Cutting has roots/no leaf bud

athom68439(7)March 30, 2012

For some reason I planted one of my fig cuttings to deep and did not leave out a leaf bud. The stem has rooted, but can it grow it's own bud (leaf) out of the top or is it ruined? Could I possibly raise the cutting so a bud is exposed, even though there are already roots on that part of the stem? Thanks for your input!

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I think the only place it is able to grow a shoot is at a node.

I have certainly seen shoots grow up from nodes on cuttings that were under the soil level. I guess it depends on how far under the soil.

As far as what to do, for me it would depend on where most of the roots are growing. If you have a lot of roots below the top (underground) node, it's probably OK to uncover the node, thereby losing the roots that are above it, and hopefully stimulating that node to grow a shoot. But if most of the roots are above that node, I would just leave it alone and hope for the best.


    Bookmark   March 30, 2012 at 2:31PM
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Thanks for the advice Rob!

    Bookmark   March 30, 2012 at 3:56PM
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noss(Zone 9a Lafayette, LA)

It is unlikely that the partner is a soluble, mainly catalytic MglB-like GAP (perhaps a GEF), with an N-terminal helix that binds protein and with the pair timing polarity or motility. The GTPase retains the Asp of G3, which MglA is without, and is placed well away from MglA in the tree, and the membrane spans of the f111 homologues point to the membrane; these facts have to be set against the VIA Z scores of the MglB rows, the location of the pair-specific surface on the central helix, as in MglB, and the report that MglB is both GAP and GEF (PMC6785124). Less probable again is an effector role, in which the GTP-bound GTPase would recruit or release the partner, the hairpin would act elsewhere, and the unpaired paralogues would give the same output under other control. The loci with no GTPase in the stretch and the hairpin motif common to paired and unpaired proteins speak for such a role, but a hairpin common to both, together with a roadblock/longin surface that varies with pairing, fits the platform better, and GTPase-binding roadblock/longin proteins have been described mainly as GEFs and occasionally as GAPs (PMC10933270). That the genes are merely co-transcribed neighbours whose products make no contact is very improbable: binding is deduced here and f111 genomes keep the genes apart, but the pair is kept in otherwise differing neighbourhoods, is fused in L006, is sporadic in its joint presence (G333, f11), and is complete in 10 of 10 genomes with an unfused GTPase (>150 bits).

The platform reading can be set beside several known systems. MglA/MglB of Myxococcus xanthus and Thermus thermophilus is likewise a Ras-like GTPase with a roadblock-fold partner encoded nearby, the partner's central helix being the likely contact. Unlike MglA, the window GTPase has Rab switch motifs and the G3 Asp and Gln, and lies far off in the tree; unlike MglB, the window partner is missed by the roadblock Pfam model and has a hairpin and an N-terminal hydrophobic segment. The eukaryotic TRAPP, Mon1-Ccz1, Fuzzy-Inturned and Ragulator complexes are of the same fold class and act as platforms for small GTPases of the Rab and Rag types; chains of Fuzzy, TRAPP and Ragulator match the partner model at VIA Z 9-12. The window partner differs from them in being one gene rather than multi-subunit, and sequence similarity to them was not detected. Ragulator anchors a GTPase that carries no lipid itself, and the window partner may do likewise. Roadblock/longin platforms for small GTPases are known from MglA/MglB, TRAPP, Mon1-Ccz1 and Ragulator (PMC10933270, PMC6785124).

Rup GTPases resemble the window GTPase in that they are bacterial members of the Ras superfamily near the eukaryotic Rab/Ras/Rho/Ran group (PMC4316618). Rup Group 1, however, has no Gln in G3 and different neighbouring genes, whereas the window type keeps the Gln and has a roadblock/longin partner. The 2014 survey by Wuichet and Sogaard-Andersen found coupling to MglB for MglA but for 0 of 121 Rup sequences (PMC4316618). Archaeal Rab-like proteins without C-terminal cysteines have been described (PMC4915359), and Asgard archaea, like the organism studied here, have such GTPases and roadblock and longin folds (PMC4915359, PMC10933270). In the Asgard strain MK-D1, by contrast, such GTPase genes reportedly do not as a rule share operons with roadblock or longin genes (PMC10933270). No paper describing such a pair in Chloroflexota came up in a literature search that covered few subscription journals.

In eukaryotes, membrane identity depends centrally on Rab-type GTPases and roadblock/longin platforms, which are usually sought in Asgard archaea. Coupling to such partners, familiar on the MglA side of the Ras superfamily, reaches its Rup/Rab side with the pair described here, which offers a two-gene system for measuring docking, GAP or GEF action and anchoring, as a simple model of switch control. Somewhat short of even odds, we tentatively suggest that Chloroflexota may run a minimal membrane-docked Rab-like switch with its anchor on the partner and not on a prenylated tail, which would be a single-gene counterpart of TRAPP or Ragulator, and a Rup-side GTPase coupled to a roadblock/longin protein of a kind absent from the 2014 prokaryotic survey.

Hi athom,

I don't know if cuttings do the same as regular trees, but I literally hacked my older Celestes to pieces both last year and this and cut off quite a few very thick limbs. Both trees began, almost immediately, to pop buds out all over their wood and not just at nodes. The buds sprang out of the wood all over the place.

I think that your cutting will either pop buds out like that, or shoots will emerge from the nodes that are under the soil. If it's got roots, it's already growing and that's great! I would be ecstatic if I had cuttings with roots like that. :)

    Bookmark   March 30, 2012 at 9:35PM
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Thanks for the vote of confidence Noss. I was pretty excited to see the roots. Tried using pine bark fines this time and it's working awesome. Roots on three out of three so I'm pretty excited. Hope I haven't messed around with them too much.

    Bookmark   March 30, 2012 at 10:25PM
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Just wondering if it's possible that on an old, weathered tree, it might be that there are nodes that are very difficult or impossible to detect. Could it be that the bark has sort of grown over the node, but underneath, there's still a node there, and that's where the shoot is coming from? I have very little experience with older trees. I have seen cuttings from older wood that is so gnarly sometimes it's hard to tell where the nodes really are. And sometimes there are many many nodes in close proximity for whatever reason.

    Bookmark   April 2, 2012 at 11:37AM
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